A Simple Guide to Property Rental Income Tax and Property Capital Gains Tax For UK Landlords By Kevin Nicholls FCA

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1 A Simple Guide to Property Rental Income Tax and Property Capital Gains Tax For UK Landlords By Kevin Nicholls FCA Page 1

2 Important Legal Notices: Published by: Thandi Nicholls Limited Accountants Creative Industries Centre Glaisher Drive Wolverhampton WV10 9TG Tel: Updated : 10 th August 2015 Copyright: Thandi Nicholls Limited 2015 Disclaimer Before reading or relying on the content of this guide please read carefully the disclaimer on the last page which applies. If you have any queries then please contact Thandi Nicholls Ltd T/a Uklandlordtax.co.uk at the number or above. Page 2

3 About this guide If you are a landlord with less than 10 properties, which you are letting out in the UK, then this guide will give you a thorough grasp of the basics of property tax and capital gains tax in the UK. If you have more than 10 properties we expect that you would already know about the basics or that you have a tax adviser who handles it all for you. If you do not and are not being advised, then please, get in touch quickly. I have written the guide to give UK Landlords a straight forward understanding of the current tax rules as they apply to property before letting, whilst letting and on selling property in the UK. I particularly hope it answers the many questions we get asked every day from those landlords who are new to letting and unused to dealing with HMRC and the way our tax system works outside of PAYE. The guide should take you no more than 30 minutes to read from start to finish. As a Fellow of the Institute of Chartered Accountants in England and Wales, and having worked in practice for over 30 years I would urge anyone reading this guide that if they are not completely comfortable in their understanding of the tax rules as they apply to property, then seek professional advice. So often, when it comes to property and tax, mistakes can be very expensive indeed! This guide has been updated for the proposed changes announced in the Budget on 8 th July The revised proposals are shown in red but are subject to consultation and the final legislation in Finance Act Page 3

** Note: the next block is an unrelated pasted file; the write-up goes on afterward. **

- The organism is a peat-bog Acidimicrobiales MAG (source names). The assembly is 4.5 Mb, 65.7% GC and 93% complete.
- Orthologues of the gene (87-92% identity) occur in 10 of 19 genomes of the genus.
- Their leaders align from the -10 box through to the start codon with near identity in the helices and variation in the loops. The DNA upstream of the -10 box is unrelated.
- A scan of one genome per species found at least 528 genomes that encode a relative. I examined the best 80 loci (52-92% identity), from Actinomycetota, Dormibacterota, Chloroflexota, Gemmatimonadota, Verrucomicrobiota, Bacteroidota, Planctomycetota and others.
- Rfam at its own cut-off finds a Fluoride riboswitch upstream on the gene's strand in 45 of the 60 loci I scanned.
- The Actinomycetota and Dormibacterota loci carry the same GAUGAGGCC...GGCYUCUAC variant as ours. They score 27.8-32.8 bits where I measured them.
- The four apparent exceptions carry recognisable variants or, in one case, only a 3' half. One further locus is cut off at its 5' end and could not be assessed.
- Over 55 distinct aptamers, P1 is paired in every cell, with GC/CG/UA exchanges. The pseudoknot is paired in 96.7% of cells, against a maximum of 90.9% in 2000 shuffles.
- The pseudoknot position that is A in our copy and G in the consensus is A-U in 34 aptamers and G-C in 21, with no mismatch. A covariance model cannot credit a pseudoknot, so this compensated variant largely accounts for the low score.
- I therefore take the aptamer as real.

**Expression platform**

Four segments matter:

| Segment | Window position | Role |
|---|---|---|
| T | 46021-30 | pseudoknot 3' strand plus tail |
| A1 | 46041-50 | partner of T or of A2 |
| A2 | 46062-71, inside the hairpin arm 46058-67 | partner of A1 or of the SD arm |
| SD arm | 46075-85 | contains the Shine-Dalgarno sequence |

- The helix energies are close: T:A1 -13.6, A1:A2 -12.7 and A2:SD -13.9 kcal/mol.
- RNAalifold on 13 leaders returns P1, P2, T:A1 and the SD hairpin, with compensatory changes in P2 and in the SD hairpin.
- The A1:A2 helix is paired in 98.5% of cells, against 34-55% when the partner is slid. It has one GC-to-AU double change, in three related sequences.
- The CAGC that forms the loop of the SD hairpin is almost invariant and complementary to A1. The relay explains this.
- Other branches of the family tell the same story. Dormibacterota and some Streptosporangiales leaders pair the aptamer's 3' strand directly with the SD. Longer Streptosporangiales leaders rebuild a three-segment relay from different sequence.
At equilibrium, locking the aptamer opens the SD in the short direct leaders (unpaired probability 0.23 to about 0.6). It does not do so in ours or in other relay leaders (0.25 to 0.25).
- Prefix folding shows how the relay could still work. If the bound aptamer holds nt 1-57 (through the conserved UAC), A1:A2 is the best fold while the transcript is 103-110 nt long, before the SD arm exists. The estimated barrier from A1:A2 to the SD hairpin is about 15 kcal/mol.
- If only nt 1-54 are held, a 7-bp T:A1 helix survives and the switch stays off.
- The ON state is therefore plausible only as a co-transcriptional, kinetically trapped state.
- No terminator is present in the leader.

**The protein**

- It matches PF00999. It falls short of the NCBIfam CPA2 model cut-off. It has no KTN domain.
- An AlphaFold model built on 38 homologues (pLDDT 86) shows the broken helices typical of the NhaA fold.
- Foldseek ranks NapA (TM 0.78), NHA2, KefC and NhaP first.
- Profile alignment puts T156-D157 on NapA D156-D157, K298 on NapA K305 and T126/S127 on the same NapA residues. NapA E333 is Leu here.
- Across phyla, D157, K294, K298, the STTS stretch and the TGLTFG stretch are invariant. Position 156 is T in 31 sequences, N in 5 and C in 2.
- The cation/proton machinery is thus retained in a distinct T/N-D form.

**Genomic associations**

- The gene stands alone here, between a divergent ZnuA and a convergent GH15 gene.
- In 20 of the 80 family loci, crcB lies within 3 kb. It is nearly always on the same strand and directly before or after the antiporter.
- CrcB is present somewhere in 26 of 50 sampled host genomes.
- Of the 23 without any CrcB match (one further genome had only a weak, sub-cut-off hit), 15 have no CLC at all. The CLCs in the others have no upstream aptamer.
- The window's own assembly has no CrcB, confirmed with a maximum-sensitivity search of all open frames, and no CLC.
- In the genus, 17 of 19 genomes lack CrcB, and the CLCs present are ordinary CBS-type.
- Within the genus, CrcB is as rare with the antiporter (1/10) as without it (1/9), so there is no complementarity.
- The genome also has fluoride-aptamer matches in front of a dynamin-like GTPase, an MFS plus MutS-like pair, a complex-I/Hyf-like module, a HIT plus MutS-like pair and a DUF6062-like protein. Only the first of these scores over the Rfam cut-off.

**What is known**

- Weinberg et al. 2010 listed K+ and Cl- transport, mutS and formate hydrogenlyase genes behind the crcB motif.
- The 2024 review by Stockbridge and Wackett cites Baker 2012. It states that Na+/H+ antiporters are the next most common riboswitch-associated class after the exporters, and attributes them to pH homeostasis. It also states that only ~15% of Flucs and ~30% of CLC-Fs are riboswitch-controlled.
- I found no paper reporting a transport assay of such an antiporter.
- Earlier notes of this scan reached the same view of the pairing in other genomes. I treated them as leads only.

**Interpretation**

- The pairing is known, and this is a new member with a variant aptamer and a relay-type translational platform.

4 Taxation of Property Introduction Page 5 Types of UK Property Page 5-6 Commercial property Furnished Holiday Lettings Rent a Room Furnished residential lettings Unfurnished residential lettings What is a Furnished Property (residential only) Page 7 Rental Income Page 7 Expenses that CAN be deducted against Rental Income Page 8-11 Expenses that CANNOT be deducted against Rental Income Page 12 Other Allowances Page Capital Allowances Wear and Tear Allowance Losses Is it worth having a Limited Company? Page 14 Capital Gains Tax Page Basics Private Residence Relief Owning more than one residence at a time Business use of you home and lodgers Lettings Relief Job related accommodation Entrepreneurs Relief Business Asset Rollover Relief Page 4